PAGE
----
Text: H.R.3534 — 115th Congress (2017-2018)All Information (Except Text)

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Introduced in House (07/28/2017)


115th CONGRESS
1st Session
H. R. 3534


To make the Controlled Substances Act inapplicable with respect to marihuana in States that have legalized marijuana and have in effect a statewide regulatory regime to protect certain Federal interests, and for other purposes.


IN THE HOUSE OF REPRESENTATIVES

July 28, 2017

Ms. DelBene (for herself, Mr. Cicilline, Mr. Cohen, and Mr. Smith of Washington) introduced the following bill; which was referred to the Committee on the Judiciary, and in addition to the Committee on Energy and Commerce, for a period to be subsequently determined by the Speaker, in each case for consideration of such provisions as fall within the jurisdiction of the committee concerned


A BILL

To make the Controlled Substances Act inapplicable with respect to marihuana in States that have legalized marijuana and have in effect a statewide regulatory regime to protect certain Federal interests, and for other purposes.

Be it enacted by the Senate and House of Representatives of the United States of America in Congress assembled,

SECTION 1. Short title.

This Act may be cited as the “State Marihuana And Regulatory Tolerance Enforcement Act”.

SEC. 2. Inapplicability of Controlled Substances Act to marihuana in certain States.

(a) In general.—Part E of the Controlled Substances Act (21 U.S.C. 871 et seq.) is amended by adding at the end the following:

“SEC. 521. Inapplicability to marihuana in certain States.

“(a) In general.—For the period described in subsection (b), this title shall not apply with respect to the production, manufacture, distribution, prescribing, dispensing, possession, and use of marihuana in a State if each of the following conditions is met:

“(1) The State submits a request to the Attorney General certifying that the State has legalized marihuana for recreational or medical use.

“(2) The request includes a certification that the State has, or will have, in effect a statewide regulatory regime for marihuana that is sufficient to protect Federal interests, including each of the following:

“(A) Preventing the distribution of marihuana to minors.

“(B) Preventing revenue from the sale of marihuana from going to criminal enterprises, gangs, and cartels.

“(C) Preventing the diversion of marihuana from States where the manufacture, distribution, dispensing, and possession of marihuana is legal to other States.

“(D) Preventing State-authorized marihuana activity from being used as a cover or pretext for the trafficking of other illegal drugs or other illegal activity.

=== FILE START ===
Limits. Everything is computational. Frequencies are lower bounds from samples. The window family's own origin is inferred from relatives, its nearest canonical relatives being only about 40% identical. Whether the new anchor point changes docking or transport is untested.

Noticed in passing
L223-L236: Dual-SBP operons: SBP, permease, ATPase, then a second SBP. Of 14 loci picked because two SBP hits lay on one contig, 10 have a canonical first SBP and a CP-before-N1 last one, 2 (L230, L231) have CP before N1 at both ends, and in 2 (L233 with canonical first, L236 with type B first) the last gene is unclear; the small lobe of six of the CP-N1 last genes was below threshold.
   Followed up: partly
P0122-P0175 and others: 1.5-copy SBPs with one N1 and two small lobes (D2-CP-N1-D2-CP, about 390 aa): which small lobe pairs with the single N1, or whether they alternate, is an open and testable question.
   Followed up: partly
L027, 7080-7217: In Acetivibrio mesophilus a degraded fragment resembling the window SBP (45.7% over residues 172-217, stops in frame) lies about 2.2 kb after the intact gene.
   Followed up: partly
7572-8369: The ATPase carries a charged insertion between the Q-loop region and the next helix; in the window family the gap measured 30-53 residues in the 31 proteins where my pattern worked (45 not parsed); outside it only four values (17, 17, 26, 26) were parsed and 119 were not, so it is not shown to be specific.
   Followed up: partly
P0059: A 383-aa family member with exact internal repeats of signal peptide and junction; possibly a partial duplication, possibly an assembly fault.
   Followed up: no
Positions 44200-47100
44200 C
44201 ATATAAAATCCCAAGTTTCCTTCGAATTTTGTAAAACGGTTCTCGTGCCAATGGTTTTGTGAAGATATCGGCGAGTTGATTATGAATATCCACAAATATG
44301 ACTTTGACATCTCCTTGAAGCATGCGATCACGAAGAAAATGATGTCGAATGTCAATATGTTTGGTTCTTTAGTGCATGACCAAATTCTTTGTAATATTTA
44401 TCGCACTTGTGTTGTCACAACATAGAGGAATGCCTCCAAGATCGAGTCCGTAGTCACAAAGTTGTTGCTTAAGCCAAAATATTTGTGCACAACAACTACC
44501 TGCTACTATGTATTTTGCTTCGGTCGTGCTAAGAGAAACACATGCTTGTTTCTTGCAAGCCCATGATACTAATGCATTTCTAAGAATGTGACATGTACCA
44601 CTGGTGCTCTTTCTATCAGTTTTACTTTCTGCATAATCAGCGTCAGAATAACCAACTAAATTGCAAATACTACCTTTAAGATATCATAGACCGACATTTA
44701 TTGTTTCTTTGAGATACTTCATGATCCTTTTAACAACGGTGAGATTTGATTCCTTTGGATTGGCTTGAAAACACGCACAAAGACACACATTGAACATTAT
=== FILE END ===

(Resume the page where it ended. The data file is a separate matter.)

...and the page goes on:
“(E) Preventing violence and the use of firearms in the cultivation and distribution of marihuana.

“(F) Preventing drugged driving and the exacerbation of other adverse public health consequences associated with marihuana use.

“(G) Preventing the growing of marihuana on public lands and the attendant public safety and environmental dangers posed by marihuana production on public lands.

“(H) Preventing marihuana possession or use on Federal property.

“(I) Preventing distribution of tainted marihuana.

“(3) The State agrees to study and report annually to the Attorney General regarding outcomes of legalizing marihuana in the State on the following:

“(A) Youth marihuana use.

“(B) Rates of driving while intoxicated.

“(C) Diversion to other States.

“(D) Prevalence of drug-related organized crime activity.

“(b) Duration of period.—Subject to subsection (c), the period described in this subsection is, with respect to a State—

“(1) the period of 3 years beginning on the date of receipt by the Attorney General of a request under subsection (a)(1); and

“(2) any subsequent, consecutive 3-year period if, by the beginning of such period, the State submits a request under subsection (a)(1) for such period.

“(c) Delayed effective date.—The effective period of a request under subsection (a)(1) shall commence not sooner than the effective date of the State’s regulatory regime required by subsection (a)(2).

“(d) Loss of waiver.—

“(1) IN GENERAL.—The Attorney General may—

“(A) continually review the production, manufacture, distribution, prescribing, dispensing, possession, and use of marihuana in a State with a waiver in effect under subsection (a); and

“(B) after providing notice and an opportunity to correct under paragraph (2), revoke such waiver if the Attorney General finds, with respect to such State, that the conditions listed in subsection (a) are no longer met.

“(2) NOTICE; OPPORTUNITY TO CORRECT.—If the Attorney General finds that the conditions listed in subsection (a) are no longer met, the Attorney General shall give the State involved—

“(A) notice of such finding; and

“(B) a period of not less than 180 days to correct any failure to meet the conditions listed in subsection (a).

“(e) Rule of construction.—Nothing in this section shall be construed to prohibit the Federal Government from providing assistance to a State (under Federal law other than this title) in the implementation or enforcement of State law relating to the production, manufacture, distribution, prescribing, dispensing, possession, or use of marihuana.

“(f) Definition.—In this section, the term ‘tainted’ means containing microbes, pesticides, or controlled substances other than marihuana.”.

(b) Clerical amendment.—The table of contents at the beginning of the Comprehensive Drug Abuse Prevention and Control Act of 1970 (Public Law 91–513) is amended by inserting at the end of the items relating to part E of title II the following new item:


“Sec. 521. Inapplicability to marihuana in certain States.”.